#dk_green#st. peter an der sperr#end#

The parts of the St. Peter an der Sperr building complex — church, monastery, and municipal museum — are brought together to create a new unity. The result is a monolithic cube, which draws from the eaves height of the surrounding buildings and thus blends in, while still making a self-confident appearance on the cityscape. The new façade has a strong pixelated perforation that creates a diverse appearance and regulates  insights, views, and lines of sight. The ground floor and first upper story façade is receded around the new main entrance area, creating a sheltered front area and marking the entrance. On the top floor, the façade surrounds an outdoor area, giving it a high-quality spatial closure and making the building seem to dissolve towards the sky at the prominent corner towards the Bürgermeistergarten. The heritage monastery and church, both museum extensions, are revitalized using minimally invasive measures. The new foyer, set along the exterior of the church nave, holds the box office area and a small shop with a cloakroom. The design of this building borrows from the new façade of the City Museum. The spatial concept fulfills the demands of a modern museum and makes linear exhibition tours and a multifunctional use of the rooms possible.





Location: St. Peter and der Sperr (Lower Austria)
Use Area: 1900 m²
Team: Lukas Göbl, Andrés España, Oliver Ulrich
in cooperation with architect Franz Gschwantner

milan expo pavillion

Harvest or pick the plants and products of the pavilion

Process harvested or picked products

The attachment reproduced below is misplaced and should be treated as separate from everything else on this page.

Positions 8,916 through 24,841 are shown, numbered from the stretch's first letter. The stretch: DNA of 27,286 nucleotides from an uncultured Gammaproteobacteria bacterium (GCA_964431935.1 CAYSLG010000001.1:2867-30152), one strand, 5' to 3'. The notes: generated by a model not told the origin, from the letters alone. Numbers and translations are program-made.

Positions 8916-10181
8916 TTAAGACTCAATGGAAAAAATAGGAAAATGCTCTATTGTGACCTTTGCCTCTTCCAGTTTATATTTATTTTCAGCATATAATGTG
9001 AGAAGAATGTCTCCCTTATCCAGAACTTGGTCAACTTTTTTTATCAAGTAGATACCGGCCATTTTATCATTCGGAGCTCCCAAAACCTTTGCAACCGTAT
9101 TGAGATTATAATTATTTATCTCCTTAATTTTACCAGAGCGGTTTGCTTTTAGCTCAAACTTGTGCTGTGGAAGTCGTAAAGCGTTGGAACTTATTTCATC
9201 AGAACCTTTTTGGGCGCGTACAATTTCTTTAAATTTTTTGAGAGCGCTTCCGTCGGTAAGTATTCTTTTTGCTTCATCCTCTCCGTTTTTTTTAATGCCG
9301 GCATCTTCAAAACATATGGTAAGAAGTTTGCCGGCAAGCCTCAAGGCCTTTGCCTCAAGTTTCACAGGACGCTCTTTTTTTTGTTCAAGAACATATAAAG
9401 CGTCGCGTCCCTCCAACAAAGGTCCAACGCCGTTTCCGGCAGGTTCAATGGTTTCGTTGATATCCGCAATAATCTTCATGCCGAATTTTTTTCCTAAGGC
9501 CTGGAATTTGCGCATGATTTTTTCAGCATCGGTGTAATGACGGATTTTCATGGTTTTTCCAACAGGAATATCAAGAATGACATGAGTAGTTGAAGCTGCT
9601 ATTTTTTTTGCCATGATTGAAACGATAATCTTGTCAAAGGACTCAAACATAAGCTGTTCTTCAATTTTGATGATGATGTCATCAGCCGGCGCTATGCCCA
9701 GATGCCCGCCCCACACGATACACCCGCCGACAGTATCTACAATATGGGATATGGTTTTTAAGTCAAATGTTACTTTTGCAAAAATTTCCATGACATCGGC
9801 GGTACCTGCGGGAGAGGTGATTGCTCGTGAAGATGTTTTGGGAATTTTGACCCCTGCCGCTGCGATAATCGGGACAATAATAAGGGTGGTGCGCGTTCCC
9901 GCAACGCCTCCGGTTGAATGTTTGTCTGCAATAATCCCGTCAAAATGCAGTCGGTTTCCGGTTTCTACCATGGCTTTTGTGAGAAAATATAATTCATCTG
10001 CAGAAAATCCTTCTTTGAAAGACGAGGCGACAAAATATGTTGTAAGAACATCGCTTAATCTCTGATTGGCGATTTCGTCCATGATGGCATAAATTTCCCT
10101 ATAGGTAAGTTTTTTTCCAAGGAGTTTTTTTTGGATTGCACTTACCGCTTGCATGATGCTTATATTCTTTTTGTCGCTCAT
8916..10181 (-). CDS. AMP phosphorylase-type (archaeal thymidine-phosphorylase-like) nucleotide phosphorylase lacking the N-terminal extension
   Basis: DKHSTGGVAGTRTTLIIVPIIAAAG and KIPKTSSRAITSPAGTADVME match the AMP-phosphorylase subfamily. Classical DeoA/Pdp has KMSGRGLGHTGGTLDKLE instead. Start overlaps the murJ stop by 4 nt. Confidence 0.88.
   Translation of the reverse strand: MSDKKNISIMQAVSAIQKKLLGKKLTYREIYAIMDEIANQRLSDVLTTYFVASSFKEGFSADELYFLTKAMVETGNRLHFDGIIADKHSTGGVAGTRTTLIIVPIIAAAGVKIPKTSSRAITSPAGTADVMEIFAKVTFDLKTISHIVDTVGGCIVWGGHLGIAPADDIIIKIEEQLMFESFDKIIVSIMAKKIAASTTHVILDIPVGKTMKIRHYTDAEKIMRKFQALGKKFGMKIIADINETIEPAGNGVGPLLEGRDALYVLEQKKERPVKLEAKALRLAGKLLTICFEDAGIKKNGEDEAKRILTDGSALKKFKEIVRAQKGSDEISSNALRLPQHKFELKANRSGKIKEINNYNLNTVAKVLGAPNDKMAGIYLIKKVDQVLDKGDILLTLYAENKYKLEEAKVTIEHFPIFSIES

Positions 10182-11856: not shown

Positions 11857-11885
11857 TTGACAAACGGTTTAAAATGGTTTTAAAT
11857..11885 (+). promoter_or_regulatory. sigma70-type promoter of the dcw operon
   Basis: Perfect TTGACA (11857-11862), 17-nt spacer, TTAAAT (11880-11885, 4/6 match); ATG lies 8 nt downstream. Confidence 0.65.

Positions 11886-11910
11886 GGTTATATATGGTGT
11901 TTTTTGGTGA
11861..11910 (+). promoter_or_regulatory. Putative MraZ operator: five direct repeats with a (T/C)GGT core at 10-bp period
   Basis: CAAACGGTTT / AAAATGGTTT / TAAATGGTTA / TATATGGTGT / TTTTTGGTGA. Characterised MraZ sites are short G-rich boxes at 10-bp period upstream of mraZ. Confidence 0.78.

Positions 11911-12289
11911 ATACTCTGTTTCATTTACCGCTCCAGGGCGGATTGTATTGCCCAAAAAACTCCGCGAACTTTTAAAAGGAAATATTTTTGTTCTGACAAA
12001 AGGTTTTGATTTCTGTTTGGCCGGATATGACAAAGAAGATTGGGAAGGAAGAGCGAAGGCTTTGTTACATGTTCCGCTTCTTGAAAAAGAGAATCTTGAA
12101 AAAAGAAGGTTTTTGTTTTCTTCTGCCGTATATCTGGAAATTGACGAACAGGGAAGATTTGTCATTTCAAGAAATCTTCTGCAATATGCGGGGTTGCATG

Eat, drink, and enjoy the products made

Watch and observe, be inquisitive, examine, question, and discuss

Playfully learn about scientific topics on nutrition and energy

The Austria Pavilion will be inserted into the available volume of 83 x 15 x 12 meters. The building unites country and city, nature and technology, landscape and building — it sets the stage for Austria’s presentation at the EXPO 2015, a stage defined by Austria’s specialties, beauty, and innovation in alternative ways of living and eating. The Austrian pavilion will be constructed largely of native spruce timber. Wood grows quickly and is thus a viably sustainable building material that also has a long history in Austrian building traditions. Parts of the pavilion are used for various green spaces. Austrian companies have already developed innovative and tested stabilization and irrigation systems for green façades. The suspended façade is not only a clear eye-catcher, it also generates energy. So-called Solar Ivy (in red and white, the national colors), hangs from a steel grid and produces electricity. The wind tulip, an Upper Austrian product, noiselessly produces clean electricity.








Location: Milan (Italy)
Year: Competition 2013
Use Area: ca. 1000 m²
Team: Lukas Göbl, Oliver Ulrich, Alexander Enz, Roxana Clep, Boris Steiner